From New York I traveled to Minnesota and spent the next six weeks in the Messengers' basement study writing up my notes and trying to develop a basic chronology of Alice's and Augustus' lives. It was a good beginning.
How can one deal with so many facts—
so many and so many and so many?
In January 1981 I began my doctoral studies at the University of Colorado and early in the fall semester asked Russ McGoodwin to supervise my dissertation on Le Plongeon. I needed a scholar and strategist with McGoodwin's skills to supervise my work and steer it through the political labyrinth.
I proposed focusing on Augustus in the context of the history of archaeological studies of the Maya. It seemed to me that a study of his life could be a lens through which we might better understand the early development of Mayan studies. In my efforts to evaluate the theories proposed by Le Plongeon in Queen Moo, as well as in "The Origin of the Egyptians," I found it fruitful not to dissect every speculation but instead to maintain an intellectual distance to avoid being drawn into his ever-expanding web of speculations. So outlandish were some of his claims that it would seem his intention was mainly to stir up debate.
Another line of attack was to read what his contemporaries said of him. During the 1870s and 1880s, a battle had pitted Le Plongeon against scholars Daniel Brinton, Samuel Haven, and Philipp Valentini, over the issue of cultural diffusion. Brinton had accused him of being-"eccentric" (1890:439). Le Plongeon was incensed that those he considered armchair scholars should criticize one who had worked so long and diligently in the field. He challenged Brinton to a public debate, but Brinton made no reply to the challenge. This event was the beginning of the end for Le Plongeon's credibility as a professional scholar.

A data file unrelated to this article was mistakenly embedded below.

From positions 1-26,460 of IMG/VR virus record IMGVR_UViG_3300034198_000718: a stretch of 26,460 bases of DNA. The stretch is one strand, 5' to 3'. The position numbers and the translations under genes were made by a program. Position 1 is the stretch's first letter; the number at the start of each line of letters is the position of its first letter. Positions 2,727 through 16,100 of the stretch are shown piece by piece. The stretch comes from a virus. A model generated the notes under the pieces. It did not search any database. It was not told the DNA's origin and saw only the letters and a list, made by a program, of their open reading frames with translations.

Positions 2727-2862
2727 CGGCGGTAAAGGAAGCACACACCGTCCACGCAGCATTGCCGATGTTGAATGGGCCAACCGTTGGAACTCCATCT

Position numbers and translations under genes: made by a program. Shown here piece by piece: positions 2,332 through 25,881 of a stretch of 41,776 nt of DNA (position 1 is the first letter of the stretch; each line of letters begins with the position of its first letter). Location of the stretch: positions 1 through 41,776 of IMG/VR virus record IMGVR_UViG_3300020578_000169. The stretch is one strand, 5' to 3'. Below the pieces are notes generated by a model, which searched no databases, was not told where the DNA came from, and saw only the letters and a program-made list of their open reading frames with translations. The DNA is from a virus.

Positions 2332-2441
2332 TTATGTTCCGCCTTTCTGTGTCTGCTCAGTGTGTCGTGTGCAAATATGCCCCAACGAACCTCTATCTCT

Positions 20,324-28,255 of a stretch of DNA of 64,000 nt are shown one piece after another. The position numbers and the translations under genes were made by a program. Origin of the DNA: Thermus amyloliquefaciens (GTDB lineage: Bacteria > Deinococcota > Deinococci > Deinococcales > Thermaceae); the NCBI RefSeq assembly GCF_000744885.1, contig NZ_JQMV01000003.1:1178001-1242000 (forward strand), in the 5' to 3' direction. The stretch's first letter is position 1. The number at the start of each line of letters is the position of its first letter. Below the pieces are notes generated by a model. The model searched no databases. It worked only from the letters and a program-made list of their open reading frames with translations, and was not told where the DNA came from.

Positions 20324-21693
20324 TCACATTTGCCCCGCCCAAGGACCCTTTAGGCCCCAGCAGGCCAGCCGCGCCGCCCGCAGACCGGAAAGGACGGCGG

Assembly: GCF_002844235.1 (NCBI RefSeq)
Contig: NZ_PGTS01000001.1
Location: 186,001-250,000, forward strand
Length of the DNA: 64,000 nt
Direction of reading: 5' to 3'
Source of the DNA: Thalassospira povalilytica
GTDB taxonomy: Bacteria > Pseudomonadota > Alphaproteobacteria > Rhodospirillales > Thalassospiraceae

I found Le Plongeon's proposal that the Maya were the founders of Egyptian civilization only a new twist on Charles E. Brasseur de Bourbourg's (1868) thesis that the New World was the source of world civilization. Brasseur had proposed his theory in the 186Os, and within a few years, it had been rejected by scholars as lacking evidence. Le Plongeon, convinced of the correctness of his own interpretation of Mayan iconography and murals by his discovery of the statue he called Chaacmol (now Chacmool), tenaciously held to the idea that the Maya had diffused culture throughout the ancient world.
By 1890, still writing and lecturing on Mayan cultural diffusion, Le Plongeon found that fewer and fewer archaeologists were willing to listen to him. Bitter at being ignored and unrecognized for his pioneering work by those in the mainstream, he became evermore isolated from the developing profession of archaeology, until finally he was totally rejected, although never completely forgotten. Since his death in 1908, stories about Le Plongeon, his theories, and his exploits, have passed from one generation of archaeologists to the next, and understandably, few writers have transcended basically anecdotal appraisals.
Manly Hall, however, in an article in Horizon, was perhaps the first writer to offer a more comprehensive assessment of the Le Plongeons' contribution to Mayan archaeology. He wrote:Le Plongeon could not censor his discoveries by referring to the learned texts of other authors. He did not have the benefit of the works of the great institutions, which have since spent millions and sent dozens of experts to examine the field. He and his wife could report only what they actually found, but it was impossible for them to be in the presence of so many wonders without doing a little wondering themselves. (1948: 29).Wauchope's and Brunhouse's critical accounts were an important foundation for my work because they brought together the facts and the hearsay about Augustus and Alice. Brunhouse's bibliography, even if not all-inclusive, is still an important resource.
This phase of my research culminated in 1983 with the successful defense of my dissertation, "Augustus Le Plongeon: Early Maya Archaeologist," (Desmond 1983) before a committee of archaeologists, physical anthropologists, an Egyptologist, ethnologists, and a historian of religions.
It is perhaps as difficult to write a
good life as to live one.